We are a world away from seeing the EU stretch into the Middle East.
David miliband's vision of a future Europe containing the Middle East and North Africa defies not just geography, but political sense.
Tipped as a future Prime Minister - although that is probably the kiss of death to his hopes - the Foreign Secretary's speech to students in Bruges on Thursday has to be taken seriously. But if ever there was an example of blue sky thinking that deserves to be consigned to the intellectual dustbin, this is surely it.
Dealing with the geographical question first, the Collins Dictionary defines Europe as, "The second smallest continent, forming the western extension of Eurasia: the border with Asia runs from the Urals to the Caspian and the Black Sea."
Geographically, the idea of countries like Iraq and Algeria being part of Europe is a nonsense.
It is true to say the concept of "Europe" was stretched some years ago when Israel was allowed to enter the Eurovision Song Contest, as well as European football competitions. But that was because no other country in the continent where Israel is actually located would be prepared to engage in sporting and entertainment contests with it.
There are much more serious objections to the idea of nations from the Middle East and North Africa joining the EU. For "Europe" is not merely a geographical term, but one which has come to denote a set of common, progressive values: a belief in the welfare state, abolition of the death penalty, freedom of thought and expression, universal education, to cite just a few.
It is unlikely many countries in the Middle East and North Africa will be implementing such measures in the foreseeable future. Certainly the idea of Saudi Arabia and Algeria signing up to the European Convention on Human Rights is a novel fantasy.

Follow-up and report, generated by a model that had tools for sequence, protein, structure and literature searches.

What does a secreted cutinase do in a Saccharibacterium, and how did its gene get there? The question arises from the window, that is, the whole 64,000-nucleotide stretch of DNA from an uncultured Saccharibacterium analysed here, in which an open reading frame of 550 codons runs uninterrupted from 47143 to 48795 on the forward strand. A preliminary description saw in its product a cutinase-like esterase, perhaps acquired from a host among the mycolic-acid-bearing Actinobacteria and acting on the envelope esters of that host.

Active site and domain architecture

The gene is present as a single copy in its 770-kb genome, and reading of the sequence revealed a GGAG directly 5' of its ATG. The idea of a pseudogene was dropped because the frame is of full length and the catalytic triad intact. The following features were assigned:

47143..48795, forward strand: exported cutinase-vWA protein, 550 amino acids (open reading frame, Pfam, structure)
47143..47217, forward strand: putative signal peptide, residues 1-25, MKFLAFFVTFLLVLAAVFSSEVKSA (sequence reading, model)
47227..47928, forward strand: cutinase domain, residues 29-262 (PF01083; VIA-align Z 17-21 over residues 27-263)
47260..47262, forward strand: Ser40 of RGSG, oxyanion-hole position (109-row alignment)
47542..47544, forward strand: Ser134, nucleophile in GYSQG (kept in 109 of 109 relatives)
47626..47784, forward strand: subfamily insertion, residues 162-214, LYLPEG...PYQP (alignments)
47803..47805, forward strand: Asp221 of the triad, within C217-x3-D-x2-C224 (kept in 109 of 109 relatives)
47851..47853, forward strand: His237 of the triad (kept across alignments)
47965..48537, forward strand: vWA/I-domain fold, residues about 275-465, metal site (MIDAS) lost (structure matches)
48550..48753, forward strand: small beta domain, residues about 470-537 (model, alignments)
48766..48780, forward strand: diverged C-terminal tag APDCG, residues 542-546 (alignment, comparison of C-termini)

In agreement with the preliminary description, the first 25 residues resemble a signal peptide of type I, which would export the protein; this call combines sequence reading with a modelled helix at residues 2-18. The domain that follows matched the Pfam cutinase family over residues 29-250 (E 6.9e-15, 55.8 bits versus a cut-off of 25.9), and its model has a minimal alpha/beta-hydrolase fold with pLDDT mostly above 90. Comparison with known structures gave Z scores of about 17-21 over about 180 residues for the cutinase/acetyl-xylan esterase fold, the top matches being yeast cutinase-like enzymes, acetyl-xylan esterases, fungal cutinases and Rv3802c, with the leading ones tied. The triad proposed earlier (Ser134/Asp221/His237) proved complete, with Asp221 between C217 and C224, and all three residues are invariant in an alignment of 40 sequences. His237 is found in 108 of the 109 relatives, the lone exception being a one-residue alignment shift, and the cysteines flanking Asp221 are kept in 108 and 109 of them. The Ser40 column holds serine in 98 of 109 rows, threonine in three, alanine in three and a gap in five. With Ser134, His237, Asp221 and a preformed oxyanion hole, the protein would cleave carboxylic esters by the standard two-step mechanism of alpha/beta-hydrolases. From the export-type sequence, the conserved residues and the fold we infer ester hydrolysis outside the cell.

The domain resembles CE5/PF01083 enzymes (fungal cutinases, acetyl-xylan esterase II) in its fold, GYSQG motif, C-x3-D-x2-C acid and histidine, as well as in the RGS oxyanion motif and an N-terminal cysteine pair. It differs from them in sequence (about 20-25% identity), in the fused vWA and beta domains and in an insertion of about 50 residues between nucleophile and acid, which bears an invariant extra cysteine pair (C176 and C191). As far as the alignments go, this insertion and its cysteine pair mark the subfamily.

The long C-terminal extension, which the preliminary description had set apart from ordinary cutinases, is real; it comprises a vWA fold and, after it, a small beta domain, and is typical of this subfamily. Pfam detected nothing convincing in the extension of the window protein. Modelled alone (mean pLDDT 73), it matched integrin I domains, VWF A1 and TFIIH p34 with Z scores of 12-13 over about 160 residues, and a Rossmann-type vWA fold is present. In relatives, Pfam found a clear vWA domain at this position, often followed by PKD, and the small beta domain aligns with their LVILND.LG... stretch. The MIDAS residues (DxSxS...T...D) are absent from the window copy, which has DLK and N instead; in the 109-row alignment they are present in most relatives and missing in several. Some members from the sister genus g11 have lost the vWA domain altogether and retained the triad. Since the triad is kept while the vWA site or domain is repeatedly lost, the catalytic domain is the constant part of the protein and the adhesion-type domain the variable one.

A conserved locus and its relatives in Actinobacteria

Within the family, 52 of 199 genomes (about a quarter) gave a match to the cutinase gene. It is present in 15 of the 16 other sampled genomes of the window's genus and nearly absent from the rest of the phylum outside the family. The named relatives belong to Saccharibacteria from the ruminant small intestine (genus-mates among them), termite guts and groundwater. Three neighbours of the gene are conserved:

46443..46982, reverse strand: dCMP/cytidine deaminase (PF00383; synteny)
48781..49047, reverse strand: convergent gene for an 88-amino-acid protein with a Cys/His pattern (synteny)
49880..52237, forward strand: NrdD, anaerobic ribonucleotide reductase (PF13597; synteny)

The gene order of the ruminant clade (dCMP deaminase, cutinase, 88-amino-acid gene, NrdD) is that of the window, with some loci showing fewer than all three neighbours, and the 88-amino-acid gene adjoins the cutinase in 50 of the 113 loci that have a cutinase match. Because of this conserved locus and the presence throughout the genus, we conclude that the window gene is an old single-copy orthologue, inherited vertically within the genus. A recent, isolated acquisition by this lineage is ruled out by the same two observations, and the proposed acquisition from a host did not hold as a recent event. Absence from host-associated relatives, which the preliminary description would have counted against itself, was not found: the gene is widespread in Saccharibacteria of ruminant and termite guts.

Perhaps most unrealistic of all is the idea that there could be unrestricted labour movement within an EU expanded to include large parts of Asia and Africa. The concerns about the impact on Britain's infrastructure caused by inward migration from the accession countries of eastern Europe would seem negligible in comparison with what would happen if a high proportion of the inhabitants of the Middle East and North Africa decided to move to Europe in search of higher paid work.
Mr Miliband is right to hope for political and economic stability in the Middle East and North Africa. It is highly doubtful, however, whether that would be conferred by membership of the EU. Instead, those countries would be destabilised as their most footloose citizens sought to improve their personal prospects elsewhere.
What the countries of the Middle East and North Africa need is not EU membership, but economic and political development and a redistribution of wealth.